We sell our products primarily through channel partners that market and sell our systems to enterprises across all industries, including small, medium and large companies and public institutions. We believe our channel strategy allows us to reach a larger number of prospective enterprise customers more effectively than if we were to sell directly. The number of our authorized channel partners has more than doubled since June 30, 2004 to over 800 as of December 31, 2009. Channel partners typically purchase our products directly from us. Our internal sales and marketing personnel support these channel partners in their selling efforts. In some circumstances, the enterprise customer will purchase products directly from us, but in these situations we typically compensate the channel partner for its sales efforts. At the request of the channel partner, we often ship our products directly to the enterprise customer.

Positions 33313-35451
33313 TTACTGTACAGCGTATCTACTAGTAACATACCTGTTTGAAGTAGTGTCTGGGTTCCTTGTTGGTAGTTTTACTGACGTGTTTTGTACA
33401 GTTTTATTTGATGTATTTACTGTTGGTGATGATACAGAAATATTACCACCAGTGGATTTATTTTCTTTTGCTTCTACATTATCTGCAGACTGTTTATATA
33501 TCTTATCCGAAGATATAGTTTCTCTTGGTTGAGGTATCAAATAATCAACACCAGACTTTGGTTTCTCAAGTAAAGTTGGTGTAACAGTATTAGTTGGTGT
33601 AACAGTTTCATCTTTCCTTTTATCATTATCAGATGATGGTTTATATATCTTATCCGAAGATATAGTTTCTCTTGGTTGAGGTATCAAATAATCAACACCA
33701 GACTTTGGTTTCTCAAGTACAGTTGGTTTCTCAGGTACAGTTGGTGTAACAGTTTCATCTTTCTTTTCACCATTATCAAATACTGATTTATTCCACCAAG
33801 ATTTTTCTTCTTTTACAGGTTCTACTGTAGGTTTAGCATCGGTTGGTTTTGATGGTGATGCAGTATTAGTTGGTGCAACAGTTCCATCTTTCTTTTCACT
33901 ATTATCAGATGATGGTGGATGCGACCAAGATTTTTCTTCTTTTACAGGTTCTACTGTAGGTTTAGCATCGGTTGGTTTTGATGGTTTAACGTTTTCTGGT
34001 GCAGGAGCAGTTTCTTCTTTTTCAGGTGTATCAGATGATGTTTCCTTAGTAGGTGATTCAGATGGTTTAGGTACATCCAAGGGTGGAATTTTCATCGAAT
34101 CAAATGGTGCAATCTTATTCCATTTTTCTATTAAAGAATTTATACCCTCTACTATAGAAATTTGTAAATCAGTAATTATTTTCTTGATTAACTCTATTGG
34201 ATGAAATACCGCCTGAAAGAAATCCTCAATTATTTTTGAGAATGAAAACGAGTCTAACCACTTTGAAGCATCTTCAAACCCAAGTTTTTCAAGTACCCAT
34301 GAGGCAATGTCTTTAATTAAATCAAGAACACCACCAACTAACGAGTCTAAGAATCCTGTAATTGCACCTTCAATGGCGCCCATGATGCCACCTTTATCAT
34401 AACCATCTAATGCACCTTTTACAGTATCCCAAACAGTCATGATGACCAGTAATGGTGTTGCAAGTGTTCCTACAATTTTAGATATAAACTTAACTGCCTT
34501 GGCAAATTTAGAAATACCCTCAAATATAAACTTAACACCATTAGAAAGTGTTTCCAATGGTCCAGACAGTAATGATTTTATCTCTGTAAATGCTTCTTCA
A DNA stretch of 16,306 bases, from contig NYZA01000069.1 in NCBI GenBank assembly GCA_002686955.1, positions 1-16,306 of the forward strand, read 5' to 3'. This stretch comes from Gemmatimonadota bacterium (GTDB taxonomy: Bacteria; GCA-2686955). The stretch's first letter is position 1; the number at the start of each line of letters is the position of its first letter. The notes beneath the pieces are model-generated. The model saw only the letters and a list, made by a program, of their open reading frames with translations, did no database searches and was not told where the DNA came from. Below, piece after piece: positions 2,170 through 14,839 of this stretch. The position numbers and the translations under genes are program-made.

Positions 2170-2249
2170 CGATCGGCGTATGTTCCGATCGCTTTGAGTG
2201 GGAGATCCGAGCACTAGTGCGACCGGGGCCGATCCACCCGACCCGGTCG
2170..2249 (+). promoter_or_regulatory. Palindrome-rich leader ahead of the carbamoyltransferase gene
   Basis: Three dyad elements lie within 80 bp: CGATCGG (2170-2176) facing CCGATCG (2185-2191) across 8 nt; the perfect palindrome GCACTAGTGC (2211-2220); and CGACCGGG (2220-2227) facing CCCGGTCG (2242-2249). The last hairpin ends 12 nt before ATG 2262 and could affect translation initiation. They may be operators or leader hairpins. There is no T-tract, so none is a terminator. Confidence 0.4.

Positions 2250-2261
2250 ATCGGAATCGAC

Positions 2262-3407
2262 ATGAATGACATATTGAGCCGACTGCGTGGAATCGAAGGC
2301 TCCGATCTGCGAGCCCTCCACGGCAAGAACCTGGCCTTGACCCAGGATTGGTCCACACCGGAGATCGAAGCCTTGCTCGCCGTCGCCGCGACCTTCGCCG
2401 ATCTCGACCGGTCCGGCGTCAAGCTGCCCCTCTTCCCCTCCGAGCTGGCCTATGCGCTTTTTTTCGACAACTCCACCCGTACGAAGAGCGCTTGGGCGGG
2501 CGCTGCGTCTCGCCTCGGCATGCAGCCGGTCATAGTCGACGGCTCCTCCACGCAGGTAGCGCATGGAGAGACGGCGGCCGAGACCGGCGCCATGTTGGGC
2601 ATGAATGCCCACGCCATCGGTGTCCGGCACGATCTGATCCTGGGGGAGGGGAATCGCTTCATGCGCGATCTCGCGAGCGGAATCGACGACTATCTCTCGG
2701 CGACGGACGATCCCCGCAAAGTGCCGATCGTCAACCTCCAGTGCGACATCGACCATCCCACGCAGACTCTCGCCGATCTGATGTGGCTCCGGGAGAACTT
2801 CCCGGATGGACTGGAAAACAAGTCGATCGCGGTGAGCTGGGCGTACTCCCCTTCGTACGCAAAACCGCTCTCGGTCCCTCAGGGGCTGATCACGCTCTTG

Most channel partners generally perform installation and implementation services for the enterprises that use our systems. In most cases, our channel partners provide the post-contractual support to the enterprise customer by providing first-level support services and purchasing additional services from us under a post-contractual support contract. For channel partners without support capabilities or that do not desire to provide support, we offer full support contracts to provide all of the support to enterprise customers.